Over at JDWired, blogger Joe Miller has a post about a contract attorney survey he recently conducted via his blog. For the uninitiated, a contract attorney is not a lawyer who practices contract law. Rather, it's someone who is hired on a temporary basis to help with a particular project. Synonyms include "document review attorney" and "temp(orary) attorney." Contract attorney work is not all that glamorous, it pays less, and there is (by definition) not a lot of job security involved. But it's work, and in a tight job market that's something. I previously blogged about contract attorney work here.
The findings of Miller's survey are interesting. Here's the gist of his post and his findings.
(1) 44% of contract attorneys (responding to the survey) were minorities. By contrast, only 16.72% of the associates and 5.01% of the partners at the firms these contract attorneys were working at were minorities. That's disturbing.
(2) Almost all said that their staffing (temp) agencies provide no access to professional development programs. Not so good for the attorneys, and potentially bad for the agencies as well.
(3) About half said they had worked as contract attorneys for more than one year after graduating from law school, and that the work was their "primary source of income."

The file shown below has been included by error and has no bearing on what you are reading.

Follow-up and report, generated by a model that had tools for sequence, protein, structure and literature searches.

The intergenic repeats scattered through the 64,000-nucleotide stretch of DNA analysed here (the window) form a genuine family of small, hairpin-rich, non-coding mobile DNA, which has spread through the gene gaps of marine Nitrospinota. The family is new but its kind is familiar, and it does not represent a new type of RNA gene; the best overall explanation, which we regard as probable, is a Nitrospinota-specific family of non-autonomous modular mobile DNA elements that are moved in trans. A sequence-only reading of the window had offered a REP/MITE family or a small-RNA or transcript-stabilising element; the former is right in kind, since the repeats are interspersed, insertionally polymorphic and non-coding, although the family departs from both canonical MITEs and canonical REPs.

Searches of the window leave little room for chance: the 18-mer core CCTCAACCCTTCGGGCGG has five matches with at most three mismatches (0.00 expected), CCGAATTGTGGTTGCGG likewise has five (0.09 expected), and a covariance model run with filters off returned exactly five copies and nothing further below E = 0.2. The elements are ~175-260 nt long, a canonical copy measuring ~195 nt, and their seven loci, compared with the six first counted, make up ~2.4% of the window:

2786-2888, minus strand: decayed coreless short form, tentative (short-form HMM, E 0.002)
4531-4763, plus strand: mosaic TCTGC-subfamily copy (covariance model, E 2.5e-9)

(4) Staffing agencies typically do not provide health care. And since contract attorneys are temps, they generally won't get healthcare through the firms they work for either.
Miller concludes that "[c]ontract attorneys are an untapped resource both for improving diversity and reducing skyrocketing client costs." He then notes that "[t]he ABA’s 1992 MacCrate Report urges the legal profession to invest in all lawyers. So far, we are not seeing that."
In a sense, what Miller's survey points out--to me anyway--is that the phenomenon of the contract attorney is part of a larger restructuring of the U.S. legal job market. That is:
(1) Partnership is becoming ever harder to get, with billable targets being raised. At the same time, it is perhaps getting less lucrative. So fewer people seem to be going that route--either by choice, or because they are denied full partnership.
(2) Non-equity partnership positions (and Of Counsel positions, which are much the same thing) are becoming more attractive long-term positions. They are attractive both for people who want to avoid the equity partner rat race as well as (by default) those do not win it. But many of these positions are also getting less lucrative, as firms restructure their non-equity partner/Of Counsel contracts.
(3) Associates at big law firms make scads of money, but the positions can be hard to get in this tight job market. There's ever-increasing pressure to bill more hours, and there are reduced chances at partnership (see above), so people tend to rotate out of associate jobs after a few years.
(4) All of the above mean that contract attorneys may have a larger role to play in contemporary law firms. Contract attorneys are of course cheaper than any of the above. Firms can lower their bottom line by hiring contract attorneys to do the "lower end" legal work that needs to be done. (For insight into such work, see this post on My Attorney Blog.) And as Miller points out, not only can firms lower their own wage costs (read: increase their profits), but they also can bill these contract attorney out at lower rates--which will help keep these firms price-competitive vis à vis the competition. With an economy teetering on recession and legal work being not only outsourced but even offshored, this is no small consideration.